Except for people… there are very few people up here on the mountain. Oh, we have skype and modern technology to keep in touch with family and friends. And we are making new friends but here on the mountain new friends are an hours drive away and social technology can only go so far.
It’s as though we a participating in our own social experiment.
- Our Unintended Question: What is the effect of the absence of close social interaction on midlife adults?
- Our Hypothesis: If given a luxurious lifestyle and modern technology, there would be no discernable effect.
- Experiment: Move an average couple to a gorgeous mountain top, away from family and friends. Give them every want and luxury. Let them openly communicate with friends and family with top modern day technology.
- Result: We discovered that close contact relationships have become more precious than any amount of travel, leisure or money.
Our inadvertent experiment and its results match what the current overarching research tells us about the nature of friendship and aging.
First the the Science:
In 1948 the World Health Organization defined health not as the absence of illness but as the presence of well-being—physical, mental, and social.
Two exceptional studies, The Harvard Grant Study on Aging and the Australian Longitudinal Study on Aging, both conclude that having good social relationships are the biggest predictor of general well-being as you get older.
THE BIGGEST PREDICTOR OF GENERAL WELL-BEING! OMG
Now while these conclusions seem obvious from a distance, as the ravages of time affect us, the number of pals can drop. We move away from one another. Retirement reduces work friendships. Spouses and friends die. The opportunities to make new friends lessen and we become complacent with a certain status quo.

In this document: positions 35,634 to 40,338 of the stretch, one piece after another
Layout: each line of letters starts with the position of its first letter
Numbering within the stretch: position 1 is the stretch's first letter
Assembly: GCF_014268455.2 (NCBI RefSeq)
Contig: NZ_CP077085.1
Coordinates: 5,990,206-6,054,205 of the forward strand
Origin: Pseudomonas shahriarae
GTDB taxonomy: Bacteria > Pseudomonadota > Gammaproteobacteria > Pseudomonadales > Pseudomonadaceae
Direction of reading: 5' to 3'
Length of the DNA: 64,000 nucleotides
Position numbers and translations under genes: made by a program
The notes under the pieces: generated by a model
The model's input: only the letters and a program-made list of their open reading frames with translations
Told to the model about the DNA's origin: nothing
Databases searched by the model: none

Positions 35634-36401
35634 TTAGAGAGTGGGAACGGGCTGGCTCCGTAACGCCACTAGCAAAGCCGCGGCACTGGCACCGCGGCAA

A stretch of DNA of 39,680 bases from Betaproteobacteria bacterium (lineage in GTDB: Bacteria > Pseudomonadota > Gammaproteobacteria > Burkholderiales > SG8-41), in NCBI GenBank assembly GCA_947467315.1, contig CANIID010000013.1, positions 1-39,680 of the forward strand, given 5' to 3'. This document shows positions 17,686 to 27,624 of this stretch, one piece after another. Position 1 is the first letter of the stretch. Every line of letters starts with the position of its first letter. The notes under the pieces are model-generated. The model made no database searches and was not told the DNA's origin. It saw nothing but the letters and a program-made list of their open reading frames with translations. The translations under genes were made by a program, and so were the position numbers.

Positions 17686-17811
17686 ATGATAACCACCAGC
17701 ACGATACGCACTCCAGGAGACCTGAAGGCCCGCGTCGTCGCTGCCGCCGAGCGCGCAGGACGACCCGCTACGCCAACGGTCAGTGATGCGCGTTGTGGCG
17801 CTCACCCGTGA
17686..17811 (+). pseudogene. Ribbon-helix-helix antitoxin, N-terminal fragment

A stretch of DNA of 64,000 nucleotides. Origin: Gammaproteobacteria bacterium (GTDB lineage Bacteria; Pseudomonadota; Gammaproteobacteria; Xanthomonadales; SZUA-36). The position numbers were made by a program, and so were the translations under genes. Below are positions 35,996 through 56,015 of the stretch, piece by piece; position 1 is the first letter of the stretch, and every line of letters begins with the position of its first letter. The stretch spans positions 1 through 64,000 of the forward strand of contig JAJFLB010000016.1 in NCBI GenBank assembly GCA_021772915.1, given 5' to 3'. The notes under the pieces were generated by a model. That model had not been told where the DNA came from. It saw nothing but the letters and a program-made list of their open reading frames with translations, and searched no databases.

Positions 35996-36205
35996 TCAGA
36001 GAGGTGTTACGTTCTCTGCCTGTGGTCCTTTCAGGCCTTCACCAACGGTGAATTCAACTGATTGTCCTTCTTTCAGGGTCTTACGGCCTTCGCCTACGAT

It’s easy to forget, as Husband and I did, how critical having pals around is to our general well being as we live through our changes.
As it turns our family just isn’t enough. Interestingly the Harvard Grant Study concludes that men’s predictor is their relationship with their wives; while the Austrailian study concludes the opposite is true for women. The Oxford Gerontological Review of all the longitudinal studies concludes while that family relations (including spouses) caused both positive and negative effects on our health as we get older (no poop, Sherlock), friendships only produced positive. In fact, social companions help us live longer and more happily! The good news is the Austrailian study showed that women’s social relationships grow more deeply as they get older.
If we want a robust Third Act it’s critical that we need to remember that old Girl Scout Tune:
and the other is gold.